We produced a commemorative book for DIISR highlighting some of these collaborations.
The book is available at: http://www.innovation.gov.au/Section/science/Documents/Aust-ChinaBook.pdf
And there’s a copy of Kim Carr’s media release at http://www.scienceinpublic.com/blog/other/china
Physics news and events
The Australian Institute of Physics now has an online calendar for all physics events in the country.
You can browse online, add events to your personal calendar, and submit your own events. More details at
We also produce a monthly bulletin for the AIP. You can subscribe by dropping me an email. If you would like a similar calendar for your organisation please call me.
The Council of Australasian Museum Directors is coordinating a national celebration of the 2010 International Year of Biodiversity. They’re keen to hear from anyone who is running events with a biodiversity theme.
You can register your events at http://www.biodiversity2010.org.au
We’re also producing a monthly newsletter for them. If you’d like to receive a copy just email me or rss the feed on our web. Past issues are at http://www.scienceinpublic.com/blog/category/bulletins/biodiversity-bulletin where you can read about digging up worms, making whales, Mr Blobby and much more.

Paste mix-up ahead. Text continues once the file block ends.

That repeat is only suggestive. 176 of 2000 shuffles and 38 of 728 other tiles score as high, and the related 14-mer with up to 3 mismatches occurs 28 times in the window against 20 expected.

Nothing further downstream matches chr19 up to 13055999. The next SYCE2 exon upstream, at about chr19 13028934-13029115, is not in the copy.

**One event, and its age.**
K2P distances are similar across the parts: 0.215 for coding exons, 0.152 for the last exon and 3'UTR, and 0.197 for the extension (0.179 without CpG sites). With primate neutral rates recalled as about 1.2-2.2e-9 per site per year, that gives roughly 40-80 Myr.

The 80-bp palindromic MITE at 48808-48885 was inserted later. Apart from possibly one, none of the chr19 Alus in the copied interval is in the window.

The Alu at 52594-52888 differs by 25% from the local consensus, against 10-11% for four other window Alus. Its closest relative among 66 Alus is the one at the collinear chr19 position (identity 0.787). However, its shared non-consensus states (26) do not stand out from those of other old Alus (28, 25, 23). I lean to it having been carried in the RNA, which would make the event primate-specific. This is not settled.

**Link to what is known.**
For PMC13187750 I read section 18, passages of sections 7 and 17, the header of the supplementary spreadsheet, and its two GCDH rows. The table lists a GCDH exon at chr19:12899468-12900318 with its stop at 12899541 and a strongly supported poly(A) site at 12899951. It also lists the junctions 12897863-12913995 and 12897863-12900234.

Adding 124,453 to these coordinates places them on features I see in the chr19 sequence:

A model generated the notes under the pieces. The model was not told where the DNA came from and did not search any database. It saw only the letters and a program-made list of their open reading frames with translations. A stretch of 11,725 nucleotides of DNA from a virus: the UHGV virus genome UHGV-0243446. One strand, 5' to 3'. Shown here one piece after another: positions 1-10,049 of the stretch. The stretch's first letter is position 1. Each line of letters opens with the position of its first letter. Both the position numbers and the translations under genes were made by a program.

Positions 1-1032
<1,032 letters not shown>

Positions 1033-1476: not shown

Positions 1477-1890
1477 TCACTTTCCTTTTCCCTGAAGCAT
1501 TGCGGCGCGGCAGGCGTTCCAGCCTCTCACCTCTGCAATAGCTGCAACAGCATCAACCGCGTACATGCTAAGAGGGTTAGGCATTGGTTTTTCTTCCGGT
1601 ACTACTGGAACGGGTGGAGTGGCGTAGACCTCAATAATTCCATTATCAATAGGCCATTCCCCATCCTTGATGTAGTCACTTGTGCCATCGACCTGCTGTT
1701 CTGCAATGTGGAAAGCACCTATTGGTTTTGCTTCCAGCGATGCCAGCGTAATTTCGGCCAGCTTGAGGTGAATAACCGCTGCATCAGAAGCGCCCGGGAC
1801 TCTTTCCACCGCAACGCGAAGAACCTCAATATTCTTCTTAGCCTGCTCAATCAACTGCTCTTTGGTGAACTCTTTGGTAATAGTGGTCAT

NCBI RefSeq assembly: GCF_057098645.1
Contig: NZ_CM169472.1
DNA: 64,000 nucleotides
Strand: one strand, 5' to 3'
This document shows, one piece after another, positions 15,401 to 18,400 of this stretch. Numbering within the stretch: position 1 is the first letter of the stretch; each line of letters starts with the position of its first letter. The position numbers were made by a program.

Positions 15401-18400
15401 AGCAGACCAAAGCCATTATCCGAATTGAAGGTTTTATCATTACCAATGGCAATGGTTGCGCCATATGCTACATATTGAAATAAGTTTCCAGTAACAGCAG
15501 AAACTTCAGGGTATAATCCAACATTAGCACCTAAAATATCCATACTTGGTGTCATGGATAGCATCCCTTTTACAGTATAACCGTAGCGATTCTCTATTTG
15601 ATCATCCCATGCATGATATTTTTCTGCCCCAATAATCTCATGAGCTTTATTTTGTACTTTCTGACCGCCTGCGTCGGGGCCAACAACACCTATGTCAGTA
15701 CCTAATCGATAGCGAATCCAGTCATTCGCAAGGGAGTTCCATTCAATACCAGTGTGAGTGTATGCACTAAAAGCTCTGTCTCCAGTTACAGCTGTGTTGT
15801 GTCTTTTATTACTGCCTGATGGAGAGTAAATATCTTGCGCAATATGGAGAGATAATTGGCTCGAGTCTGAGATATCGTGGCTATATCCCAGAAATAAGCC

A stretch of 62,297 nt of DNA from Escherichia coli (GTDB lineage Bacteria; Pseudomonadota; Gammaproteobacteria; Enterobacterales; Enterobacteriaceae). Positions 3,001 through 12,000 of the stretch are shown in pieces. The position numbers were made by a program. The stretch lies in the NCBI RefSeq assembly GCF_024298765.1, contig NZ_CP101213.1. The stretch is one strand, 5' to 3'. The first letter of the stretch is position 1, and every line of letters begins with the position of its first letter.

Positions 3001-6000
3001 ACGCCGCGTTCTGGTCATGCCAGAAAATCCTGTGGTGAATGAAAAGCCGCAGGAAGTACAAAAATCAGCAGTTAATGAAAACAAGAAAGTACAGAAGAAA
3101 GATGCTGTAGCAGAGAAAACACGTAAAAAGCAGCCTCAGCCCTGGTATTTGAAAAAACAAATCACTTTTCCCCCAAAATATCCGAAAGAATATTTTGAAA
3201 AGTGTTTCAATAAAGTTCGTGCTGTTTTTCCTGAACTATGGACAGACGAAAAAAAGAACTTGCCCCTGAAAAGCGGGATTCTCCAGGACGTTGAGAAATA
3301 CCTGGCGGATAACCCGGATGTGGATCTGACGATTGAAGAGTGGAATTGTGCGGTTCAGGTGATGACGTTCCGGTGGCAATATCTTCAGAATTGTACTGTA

The Stupid Species: Why everyone (except you) is an idiot.
Daniel Keogh, reporter for ABC’s Hungry Beast and Radio National’s Science Show, is on tour for National Science Week to show why human stupidity is unavoidable.
The Stupid Species is an over -18s science show involving hilarious experiments, films, animations and stories that show the science and psychology of why everyone is capable of incredible stupidity.
The show is touring through August as part of National Science Week and will be visiting Perth, Melbourne, Canberra, Sydney and Brisbane.
“We all like to think we’re special. In fact on average everyone thinks they’re above-average. Although we think we’re pretty smart our tendency towards irrational behaviour is what unites us all as humans – the stupid species,” says Daniel Keogh.
He’s in Melbourne giving a free show with free drinks on 8 pm on Wednesday 18 August at the Kaleide Theatre, 360 Swanston St, Melbourne.
Full tour dates online at www.scienceinpublic.com/blog/other/stupid
You can listen to Tim Thwaites, our resident science writer and broadcaster, every second Tuesday after the 11 pm news talking with Tony Delroy on the ABC’s local radio network, and talking with Luke Grant on Melbourne Talk Radio every Wednesday after 10.